at Podgorica and Bar, fitness was a necessity for Day One.
A Bar-bound freight was awaiting the arrival of the Beograd overnight train, boarded by the PTG group
for the final day’s journey to Podgorica. Slow speed on the initial section of Sozina Tunnel, before a
mid-tunnel speed-up. A crossing move with a Bar-bound EMU took place at Virpazar.
Although advertised as being non-stop to Podgorica, calls were made at Virpazar, Zeta and Golubovci
– passengers detraining at each stop. Together with stop-and-proceed at mid-section level-crossings,
plus a 20 kph temporary speed restriction, Podgorica was reached ten minutes late. Beograd-bound
passengers still had at least another fourteen hours of travel!
Friday 6 October 2017
The formal programme for the second day of the railtour just involved a round-trip to Nikšić. For the
benefit of the PTG group, the first out-and-back working from Podgorica was covered by a loco-hauled
train, rather than a conventional EMU. Class 461.039 was once again at the helm of a four-coach 8:05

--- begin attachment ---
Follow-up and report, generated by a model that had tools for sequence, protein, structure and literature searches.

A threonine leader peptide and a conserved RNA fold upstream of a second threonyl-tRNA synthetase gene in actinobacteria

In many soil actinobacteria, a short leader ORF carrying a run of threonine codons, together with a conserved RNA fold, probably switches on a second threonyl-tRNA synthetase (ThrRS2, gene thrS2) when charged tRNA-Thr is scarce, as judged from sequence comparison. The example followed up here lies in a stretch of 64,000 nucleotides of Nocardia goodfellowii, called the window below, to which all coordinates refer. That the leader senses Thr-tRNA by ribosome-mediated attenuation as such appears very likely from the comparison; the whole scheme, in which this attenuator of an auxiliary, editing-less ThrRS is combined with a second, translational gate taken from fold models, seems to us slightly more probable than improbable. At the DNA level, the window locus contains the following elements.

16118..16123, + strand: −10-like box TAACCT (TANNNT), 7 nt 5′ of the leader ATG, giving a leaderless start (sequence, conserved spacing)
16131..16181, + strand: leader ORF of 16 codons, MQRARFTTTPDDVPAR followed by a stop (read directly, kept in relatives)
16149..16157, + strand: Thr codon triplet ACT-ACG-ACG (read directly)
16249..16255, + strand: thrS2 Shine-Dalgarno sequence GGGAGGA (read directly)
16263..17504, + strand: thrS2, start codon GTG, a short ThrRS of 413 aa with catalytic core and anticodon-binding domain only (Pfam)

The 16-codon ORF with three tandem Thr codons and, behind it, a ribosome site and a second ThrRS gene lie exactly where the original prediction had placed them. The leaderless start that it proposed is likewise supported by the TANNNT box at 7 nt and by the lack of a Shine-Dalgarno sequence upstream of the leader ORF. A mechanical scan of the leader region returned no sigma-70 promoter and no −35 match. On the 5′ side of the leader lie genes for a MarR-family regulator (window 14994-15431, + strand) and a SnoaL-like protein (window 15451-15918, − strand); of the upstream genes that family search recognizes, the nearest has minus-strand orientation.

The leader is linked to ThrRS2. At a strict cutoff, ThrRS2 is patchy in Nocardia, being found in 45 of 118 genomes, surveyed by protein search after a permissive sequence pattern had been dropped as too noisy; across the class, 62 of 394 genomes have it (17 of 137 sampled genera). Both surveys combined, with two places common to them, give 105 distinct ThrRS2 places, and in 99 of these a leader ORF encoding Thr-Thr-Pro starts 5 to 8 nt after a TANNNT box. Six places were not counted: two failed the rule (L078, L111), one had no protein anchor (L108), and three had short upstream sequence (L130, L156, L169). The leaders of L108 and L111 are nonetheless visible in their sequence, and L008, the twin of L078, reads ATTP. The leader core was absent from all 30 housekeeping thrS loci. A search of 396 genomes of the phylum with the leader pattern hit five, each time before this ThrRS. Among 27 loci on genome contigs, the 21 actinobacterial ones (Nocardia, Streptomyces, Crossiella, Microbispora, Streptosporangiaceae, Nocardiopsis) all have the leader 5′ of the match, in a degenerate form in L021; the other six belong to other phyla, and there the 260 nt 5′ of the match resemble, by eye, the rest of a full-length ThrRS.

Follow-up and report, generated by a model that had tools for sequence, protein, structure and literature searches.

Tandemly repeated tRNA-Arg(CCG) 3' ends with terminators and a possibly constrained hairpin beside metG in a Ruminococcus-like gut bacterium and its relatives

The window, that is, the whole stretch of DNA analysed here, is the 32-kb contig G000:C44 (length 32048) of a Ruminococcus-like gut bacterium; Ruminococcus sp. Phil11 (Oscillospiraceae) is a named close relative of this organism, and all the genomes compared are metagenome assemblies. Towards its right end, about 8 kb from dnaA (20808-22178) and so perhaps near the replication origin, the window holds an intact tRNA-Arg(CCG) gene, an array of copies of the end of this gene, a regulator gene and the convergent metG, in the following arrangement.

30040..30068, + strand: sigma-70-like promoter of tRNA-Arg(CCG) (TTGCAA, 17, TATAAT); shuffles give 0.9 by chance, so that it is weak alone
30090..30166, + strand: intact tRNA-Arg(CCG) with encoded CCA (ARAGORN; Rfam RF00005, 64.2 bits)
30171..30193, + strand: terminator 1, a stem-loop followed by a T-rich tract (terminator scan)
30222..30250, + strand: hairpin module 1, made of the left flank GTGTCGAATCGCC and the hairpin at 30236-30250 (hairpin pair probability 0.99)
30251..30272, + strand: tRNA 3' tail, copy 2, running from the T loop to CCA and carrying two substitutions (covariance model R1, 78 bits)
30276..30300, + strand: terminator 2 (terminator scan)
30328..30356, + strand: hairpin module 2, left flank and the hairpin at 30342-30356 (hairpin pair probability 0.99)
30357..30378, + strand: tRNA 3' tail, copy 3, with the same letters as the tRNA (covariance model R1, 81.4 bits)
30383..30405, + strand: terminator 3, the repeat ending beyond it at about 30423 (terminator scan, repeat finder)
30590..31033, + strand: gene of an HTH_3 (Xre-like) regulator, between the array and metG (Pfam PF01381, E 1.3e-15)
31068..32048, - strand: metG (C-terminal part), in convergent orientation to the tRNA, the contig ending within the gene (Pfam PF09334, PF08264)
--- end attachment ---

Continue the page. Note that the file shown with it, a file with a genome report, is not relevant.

departure, as with the previous day’s ride to Bar, the formation including a dedicated PTG coach.
After running alongside the main Beograd line for three kilometres, the Nikšić branch diverges in a
north-western direction. A further two kilometres onward, the Morača is crossed. Immediately
afterwards, the extensive Roman ruins at Duklja (classically known as Doclea) lie on the north side.
The Podgorica to Nikšić line was opened in 1948, originally a 760-mm extension of the Dalmatian
network. In 1965 the line was regauged to 1435-mm. During the Yugoslavian turmoil, the condition
of the track deteriorated, resulting in the withdrawal of passenger services in 1992. Freight traffic,
including bauxite from the mine at Nikšić, continued to operate, albeit at a very restricted speed.
Reconstruction and electrification was initiated in 2006, but not completed until 2012. The
refurbishment included the provision of three CAF Civity EMUs. In reality, the timetable only requires
a single set, only one passenger train being present at any specific time.
Crossing loops exist at three intermediate stations – Spuž (9 kms), Danilovgrad (22 kms) and Ostrog
(39 kms). The last-mentioned is close to a monastery, unfortunately not visible from the railway.
There are also seven advertised halts. No crossing moves took place on the outward journey, but
Montecargo 461.042 on a Nikšić-bound bauxite empties was crossed at Danilovgrad on the return
journey. Until just beyond Danilovgrad, the railway runs close to the north bank of the River Zeta,